This sense of terror that the film captures so well – as well as the moments of shock of carefully chosen few beats of gore – is a surprise when you consider that Spielberg today is seen as a more sentimental, family-friendly director. But on this film, he was a young buck still out of the gate – this was only his second theatrical film. Spielberg wasn’t even first choice – although his TV movie Duel, which sees a driver chased by a giant truck, the driver of which remains unseen, was the perfect calling card. When he got on board, he made what he himself describes as a series of rookie mistakes, not least insisting on shooting at sea rather than in a tank or just off the coast. Not to mention the multiple delays from the shark. Despite the film’s nomination for Best Picture (and the millions it earned at the box office), Spielberg was denied an Oscar nod as suspicions abounded that the oft-delayed, over-budget film was “saved” in the editing suite. 


While the film is superbly edited – again that creeping power of suggestion and the way the film leaves much to the viewer’s imagination – it’s much easier now to accept Jaws was Spielberg’s first real flexing of his cinematic muscle. The decision to film at sea – while causing no end of problems for the crew – brilliantly allows for wide shot vistas that creates a real sense of isolation for the boat. It constantly looks small, rattled and fragile in a massive environment, making it feel like even more of a mismatch against the size of the shark. Throw in Spielberg’s brilliance at building tension, and you get a film that seizes you by the scruff of the neck and doesn’t let go. He’s a master here and the film has more than enough famous shots – including the famous reverse zoom on Scheider as he realises the shark is in the water – to show he was just warming up.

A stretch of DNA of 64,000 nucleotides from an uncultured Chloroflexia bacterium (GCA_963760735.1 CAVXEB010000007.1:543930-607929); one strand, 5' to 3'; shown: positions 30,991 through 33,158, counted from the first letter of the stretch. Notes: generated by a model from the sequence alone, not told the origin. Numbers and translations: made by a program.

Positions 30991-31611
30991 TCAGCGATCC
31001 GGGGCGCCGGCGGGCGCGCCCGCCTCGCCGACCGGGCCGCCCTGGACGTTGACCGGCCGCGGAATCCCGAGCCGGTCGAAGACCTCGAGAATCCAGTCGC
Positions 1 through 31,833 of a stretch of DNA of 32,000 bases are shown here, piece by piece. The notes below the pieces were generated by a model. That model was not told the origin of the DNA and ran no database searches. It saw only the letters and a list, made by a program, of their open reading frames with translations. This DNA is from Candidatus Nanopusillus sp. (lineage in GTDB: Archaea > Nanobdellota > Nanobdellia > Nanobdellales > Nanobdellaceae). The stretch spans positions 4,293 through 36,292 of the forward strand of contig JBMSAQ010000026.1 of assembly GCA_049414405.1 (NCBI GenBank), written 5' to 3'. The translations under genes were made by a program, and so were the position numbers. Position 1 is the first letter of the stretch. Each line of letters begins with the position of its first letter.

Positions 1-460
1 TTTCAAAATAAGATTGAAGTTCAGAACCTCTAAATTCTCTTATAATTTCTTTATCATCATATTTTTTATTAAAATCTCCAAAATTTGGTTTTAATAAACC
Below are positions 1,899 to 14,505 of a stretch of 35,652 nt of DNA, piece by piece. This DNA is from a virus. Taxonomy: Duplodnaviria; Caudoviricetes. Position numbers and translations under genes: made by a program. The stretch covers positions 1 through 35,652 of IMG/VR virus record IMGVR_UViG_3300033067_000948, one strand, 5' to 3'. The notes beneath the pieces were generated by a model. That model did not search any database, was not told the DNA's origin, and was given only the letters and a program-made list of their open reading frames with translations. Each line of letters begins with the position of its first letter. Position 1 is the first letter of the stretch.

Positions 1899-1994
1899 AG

It also helps that the film front-and-centres character and good writing alongside all the thrills. Part of the benefit of the films continued delays is that the original script was constantly tinkered and improved by Carl Gottleib from Benchley’s original. Others were bought in to work on it – most famously John Milius who took a redraft pass at Quint’s famous Indianapolis speech, which Robert Shaw himself then rewrote. What we end up with is a script with three well-drawn – and distinctively different but complementary – characters and plenty of sharp lines.

The three stars fill these roles with aplomb. Scheider gracefully accepts the quieter role, but carries the film with an unshowy ease as an everyday hero, eventually pushed to his limits. Dreyfuss gets the more plucky, overtly comic role as the expert biologist and plucky young gun, with a sharp wit and a chippy younger man’s perspective. Shaw meanwhile gets some of the films best scenes as a grizzled seadog with no time for the kids and a dangerous obsession for proving he’s right. The three actors play off each other extremely well, despite the troubles on set (which Shaw was usually at the heart of, from his drinking, to his clashes with Dreyfuss, to his constant flying back to Canada at any opportunity for tax reasons).

But these three actors work brilliantly together, and the film’s tense brilliance still makes it a compelling watch today. And yes, Spielberg was right – that Williams score does play a huge part in its success. Try imagining what you are seeing in the film without the score playing over it? Necessity is the mother of invention.